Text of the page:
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The Other NYC Marathon

by Kiel Torres

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Every two years, my high school’s Art Department offers a five day trip to New York City. Between March 29th and April 4th, a group of 29 Point Grey senior art students including myself set out to explore the city under the watchful eyes of our four teacher chaperones. To describe the itinerary as “busy” would be a complete understatement. The minute we landed at JFK, the theoretical rug woven from relaxed, west-coast vibes was abruptly yanked from under our feet and replaced with one that was hastily stitched together and embroidered with the colourful veins of a metro map. Our itinerary mirrored the fast pace of the city and was jam-packed with gallery visits, theatre shows and sightseeing opportunities. Let’s just say that this school trip was the double espresso of school trips. Continue reading

Warp Time with Warp Self No.3 by Tatsuo Miyajima

by Hena Wang


Tatsuo Miyajima is a contemporary artist who creates artwork based on his concept of The Life and the themes “keep changing”, “continue forever”, and “connect with everything”. The Life, or in its original Japanese form, Inochi, describes life not only limited to us human beings, but anything that is living, including plants and animals. The Life is an all inclusive concept for the relationship of time and existence. Continue reading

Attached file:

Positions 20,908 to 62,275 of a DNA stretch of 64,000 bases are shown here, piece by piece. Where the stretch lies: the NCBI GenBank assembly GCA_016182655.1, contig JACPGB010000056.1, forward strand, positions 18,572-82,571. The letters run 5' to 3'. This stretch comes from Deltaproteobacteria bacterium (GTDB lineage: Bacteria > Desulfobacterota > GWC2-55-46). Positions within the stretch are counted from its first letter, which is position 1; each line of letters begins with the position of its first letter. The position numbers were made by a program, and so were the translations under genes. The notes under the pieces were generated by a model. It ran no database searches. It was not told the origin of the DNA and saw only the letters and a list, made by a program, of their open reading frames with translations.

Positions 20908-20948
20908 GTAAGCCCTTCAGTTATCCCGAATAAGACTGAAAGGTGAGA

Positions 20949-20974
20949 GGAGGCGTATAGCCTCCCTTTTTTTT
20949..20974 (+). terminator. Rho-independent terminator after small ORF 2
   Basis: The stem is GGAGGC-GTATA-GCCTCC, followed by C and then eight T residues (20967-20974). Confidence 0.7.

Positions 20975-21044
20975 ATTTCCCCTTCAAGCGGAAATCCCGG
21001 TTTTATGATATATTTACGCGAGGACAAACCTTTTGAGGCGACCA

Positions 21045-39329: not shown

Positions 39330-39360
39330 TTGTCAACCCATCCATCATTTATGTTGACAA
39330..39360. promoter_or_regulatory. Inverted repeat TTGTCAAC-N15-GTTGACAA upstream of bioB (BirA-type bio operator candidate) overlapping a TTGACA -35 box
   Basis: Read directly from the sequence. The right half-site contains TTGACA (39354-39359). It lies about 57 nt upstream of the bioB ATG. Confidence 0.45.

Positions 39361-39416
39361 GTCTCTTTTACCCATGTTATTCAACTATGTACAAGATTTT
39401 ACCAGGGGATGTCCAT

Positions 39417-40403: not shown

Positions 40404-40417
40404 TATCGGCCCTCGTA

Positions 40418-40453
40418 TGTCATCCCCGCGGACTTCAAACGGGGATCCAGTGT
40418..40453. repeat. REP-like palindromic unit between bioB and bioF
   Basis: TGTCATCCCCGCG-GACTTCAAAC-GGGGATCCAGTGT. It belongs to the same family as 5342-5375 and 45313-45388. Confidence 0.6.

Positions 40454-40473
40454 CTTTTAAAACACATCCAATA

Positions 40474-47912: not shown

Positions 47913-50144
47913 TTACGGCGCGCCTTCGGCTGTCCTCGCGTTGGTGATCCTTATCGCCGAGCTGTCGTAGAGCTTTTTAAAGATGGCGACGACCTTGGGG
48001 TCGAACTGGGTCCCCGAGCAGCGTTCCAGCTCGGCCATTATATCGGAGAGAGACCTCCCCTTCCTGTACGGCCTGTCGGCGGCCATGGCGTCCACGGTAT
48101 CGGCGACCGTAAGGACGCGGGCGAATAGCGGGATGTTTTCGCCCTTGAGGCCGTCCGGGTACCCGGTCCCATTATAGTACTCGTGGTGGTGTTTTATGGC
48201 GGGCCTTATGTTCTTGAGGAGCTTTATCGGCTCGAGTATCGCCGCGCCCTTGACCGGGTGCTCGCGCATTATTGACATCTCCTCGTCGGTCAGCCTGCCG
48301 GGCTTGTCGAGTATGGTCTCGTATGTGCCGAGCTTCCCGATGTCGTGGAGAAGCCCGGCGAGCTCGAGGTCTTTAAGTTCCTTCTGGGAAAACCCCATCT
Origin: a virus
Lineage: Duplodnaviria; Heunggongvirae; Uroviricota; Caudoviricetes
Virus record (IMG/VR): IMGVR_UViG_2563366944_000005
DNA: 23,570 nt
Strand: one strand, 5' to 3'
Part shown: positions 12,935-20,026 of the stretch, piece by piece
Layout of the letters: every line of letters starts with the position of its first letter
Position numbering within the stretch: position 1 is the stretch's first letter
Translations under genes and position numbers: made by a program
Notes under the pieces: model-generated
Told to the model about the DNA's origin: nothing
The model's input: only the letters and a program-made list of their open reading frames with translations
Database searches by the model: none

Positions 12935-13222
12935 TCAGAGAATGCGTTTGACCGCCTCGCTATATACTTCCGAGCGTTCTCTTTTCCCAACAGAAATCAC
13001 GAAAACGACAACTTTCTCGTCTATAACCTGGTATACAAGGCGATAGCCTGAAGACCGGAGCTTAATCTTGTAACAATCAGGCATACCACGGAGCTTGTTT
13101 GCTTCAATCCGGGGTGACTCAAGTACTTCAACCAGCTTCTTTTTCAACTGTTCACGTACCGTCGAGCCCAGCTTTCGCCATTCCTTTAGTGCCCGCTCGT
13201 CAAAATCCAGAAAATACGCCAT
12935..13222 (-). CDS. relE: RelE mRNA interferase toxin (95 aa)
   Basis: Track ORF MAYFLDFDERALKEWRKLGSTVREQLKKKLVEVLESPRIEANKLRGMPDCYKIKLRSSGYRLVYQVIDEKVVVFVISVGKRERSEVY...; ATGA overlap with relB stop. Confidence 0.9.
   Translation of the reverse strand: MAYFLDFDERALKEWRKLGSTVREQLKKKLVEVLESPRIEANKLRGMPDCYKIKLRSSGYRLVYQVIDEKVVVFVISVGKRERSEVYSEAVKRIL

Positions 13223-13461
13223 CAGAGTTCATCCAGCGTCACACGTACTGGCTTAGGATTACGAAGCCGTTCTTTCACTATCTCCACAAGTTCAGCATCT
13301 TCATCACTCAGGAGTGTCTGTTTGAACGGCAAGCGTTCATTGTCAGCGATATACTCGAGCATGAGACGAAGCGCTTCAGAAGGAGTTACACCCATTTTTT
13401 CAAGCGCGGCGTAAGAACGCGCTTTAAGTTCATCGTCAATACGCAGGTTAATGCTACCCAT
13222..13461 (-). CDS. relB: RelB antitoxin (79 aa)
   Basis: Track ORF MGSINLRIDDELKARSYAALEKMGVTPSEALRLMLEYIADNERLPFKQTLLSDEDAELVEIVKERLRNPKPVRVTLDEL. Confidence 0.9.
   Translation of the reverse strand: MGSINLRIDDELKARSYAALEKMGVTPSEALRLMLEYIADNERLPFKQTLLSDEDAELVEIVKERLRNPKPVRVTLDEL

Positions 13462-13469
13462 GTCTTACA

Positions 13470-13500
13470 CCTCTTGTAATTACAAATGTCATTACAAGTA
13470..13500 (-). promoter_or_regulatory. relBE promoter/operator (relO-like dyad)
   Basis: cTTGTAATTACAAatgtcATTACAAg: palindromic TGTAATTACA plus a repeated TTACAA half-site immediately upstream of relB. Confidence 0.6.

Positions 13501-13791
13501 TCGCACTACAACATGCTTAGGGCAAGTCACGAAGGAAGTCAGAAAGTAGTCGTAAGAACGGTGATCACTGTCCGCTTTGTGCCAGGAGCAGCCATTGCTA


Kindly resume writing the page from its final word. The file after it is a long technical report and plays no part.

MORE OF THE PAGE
Yangachi’s “Surveillance Opera”

by Areum Kim

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Still from Yangachi’s 007:Surveillance Opera, 2008

Here is an artist who is digging the frontier of new media/performance-based art using surveillance cameras. South Korean artist Yangachi, whose pseudonym in Korean means a ‘jerk’, produced 007: Surveillance Opera (2008) using CCTV cameras that are ubiquitously installed in everyday places, a phenomenon that is becoming more and more systematic and obsessive. Yangachi manages to hijack these security cameras that are meant to continuously survey citizens, and he uses them as the channel to broadcast and record his recreation of a scene from the famous 007 movies. Continue reading